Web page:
The increasing march of fertilizer prices higher has given farmers a new appreciation for the value of manure, says the director of environmental services for The Maschhoffs, Carlyle, IL.

“The value of manure as fertilizer is higher than it has ever been,” reports Tim Laatsch. Some crop analysts suggest previous manure value of $50/acre is now approaching $150/acre.

“We are continuing to see intense interest in manure as a fertilizer resource, not just due to the cost of fertilizer, but the product being better managed than it has been in the past,” he says.

Five years ago, when Laatsch started with The Maschhoffs, there were virtually no takers. Today, area crop farmers next to Maschhoff hog production partners are clamoring for the valuable resource.

That's led The Maschhoffs to pump up their custom manure application business. “As manure value is on the rise, we are striving to remain intently focused on providing a high-quality fertilizer product.

“We have steered away from the typical high-volume commodity approach,” says Laatsch.

“What we have done instead is try to package a complete environmental service under one umbrella — providing the farmer with the agronomist/crop consultant, writing the nutrient management plans, doing the soil sampling and making sure we are closely matching the manure products with the crop needs.”

Laatsch says his team helps educate farmers on state environmental regulations including application rates.

On-board computer technology ensures manure application isn't lapped or areas skipped.

Most dragline hose systems don't cover end rows because the plow is raised out of the ground as the tractor turns around. The problem is the pump is left running, resulting in surface application, notes Laatsch.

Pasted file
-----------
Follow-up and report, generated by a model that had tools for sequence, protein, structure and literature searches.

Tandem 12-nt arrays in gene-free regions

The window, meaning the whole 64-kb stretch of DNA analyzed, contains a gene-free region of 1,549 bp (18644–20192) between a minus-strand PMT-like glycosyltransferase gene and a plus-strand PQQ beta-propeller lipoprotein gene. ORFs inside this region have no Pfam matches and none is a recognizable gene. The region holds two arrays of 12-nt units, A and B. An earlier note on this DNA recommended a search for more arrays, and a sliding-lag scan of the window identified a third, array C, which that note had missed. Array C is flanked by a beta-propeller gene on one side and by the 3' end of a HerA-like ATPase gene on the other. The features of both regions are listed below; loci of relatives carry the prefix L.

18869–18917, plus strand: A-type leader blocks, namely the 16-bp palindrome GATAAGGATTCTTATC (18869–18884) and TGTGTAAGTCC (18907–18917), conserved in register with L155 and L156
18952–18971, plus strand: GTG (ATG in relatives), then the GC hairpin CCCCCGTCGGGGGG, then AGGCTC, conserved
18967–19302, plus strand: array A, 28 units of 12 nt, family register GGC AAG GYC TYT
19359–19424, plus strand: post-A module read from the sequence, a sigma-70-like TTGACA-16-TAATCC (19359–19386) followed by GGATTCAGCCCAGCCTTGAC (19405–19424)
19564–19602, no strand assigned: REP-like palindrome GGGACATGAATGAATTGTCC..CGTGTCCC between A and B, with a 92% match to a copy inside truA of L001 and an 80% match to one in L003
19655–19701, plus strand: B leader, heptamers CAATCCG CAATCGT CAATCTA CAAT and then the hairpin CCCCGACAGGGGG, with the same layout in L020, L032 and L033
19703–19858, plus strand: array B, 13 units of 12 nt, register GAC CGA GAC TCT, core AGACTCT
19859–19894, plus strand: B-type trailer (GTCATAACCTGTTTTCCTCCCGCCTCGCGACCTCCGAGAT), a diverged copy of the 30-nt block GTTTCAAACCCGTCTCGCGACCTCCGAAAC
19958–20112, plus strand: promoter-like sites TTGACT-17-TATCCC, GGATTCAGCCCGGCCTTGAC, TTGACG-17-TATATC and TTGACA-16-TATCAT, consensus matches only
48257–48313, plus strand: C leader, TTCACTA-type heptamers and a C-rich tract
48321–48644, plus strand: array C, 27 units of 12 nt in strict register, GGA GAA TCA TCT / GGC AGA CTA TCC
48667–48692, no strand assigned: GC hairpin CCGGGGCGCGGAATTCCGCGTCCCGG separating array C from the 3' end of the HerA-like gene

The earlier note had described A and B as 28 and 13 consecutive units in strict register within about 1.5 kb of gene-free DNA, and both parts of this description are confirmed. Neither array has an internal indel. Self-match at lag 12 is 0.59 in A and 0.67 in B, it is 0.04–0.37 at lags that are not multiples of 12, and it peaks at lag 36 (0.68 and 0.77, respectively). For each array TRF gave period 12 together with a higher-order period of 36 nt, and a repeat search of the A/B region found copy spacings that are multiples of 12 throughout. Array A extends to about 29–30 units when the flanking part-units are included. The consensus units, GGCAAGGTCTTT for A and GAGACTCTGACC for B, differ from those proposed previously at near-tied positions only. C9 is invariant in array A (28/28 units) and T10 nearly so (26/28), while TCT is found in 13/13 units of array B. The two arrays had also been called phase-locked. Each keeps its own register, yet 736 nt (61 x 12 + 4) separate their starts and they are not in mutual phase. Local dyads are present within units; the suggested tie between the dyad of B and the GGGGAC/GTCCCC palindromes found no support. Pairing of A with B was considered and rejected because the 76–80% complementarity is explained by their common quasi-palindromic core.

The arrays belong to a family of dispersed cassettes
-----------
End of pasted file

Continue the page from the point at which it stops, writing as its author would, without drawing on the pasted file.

“What we've done is put radio controls on our equipment, with a control module in the tractor, so when the operator gets to the end of the field, he hits a button that sends a radio signal to slow the pump back at the barn. The operator then shuts off the valve on the plow, turning off the flow of manure,” he explains.

“Farmers like that because they don't have to come back and do any touchup or worry about missed areas on end rows, and they have less risk from odor and runoff, adds Laatsch.

He says manure application rules in Illinois are structured in a way that farmers are actually incented to follow the rules.

EQIP Model

While several states have reportedly had difficulty obtaining Environmental Quality Improvement Program (EQIP) funds from USDA, Illinois has been held up as a sort of model for the program, Laatsch comments.

Unlike other states that have localized application systems, Illinois has taken a centralized approach to program administration and applications. Illinois' Natural Resources Conservation Service conducted some pilot programs to define eligible practices and learn how funds are administered and distributed.

“In Illinois, all of the producers compete for a pool of money at the state level instead of trying to tap into county dollars,” says Laatsch. “This has enabled pork producers to position themselves especially well for the dollars.”

In 2006, 35 pork producers in Illinois received $3.6 million in EQIP dollars, the largest amount of all livestock species.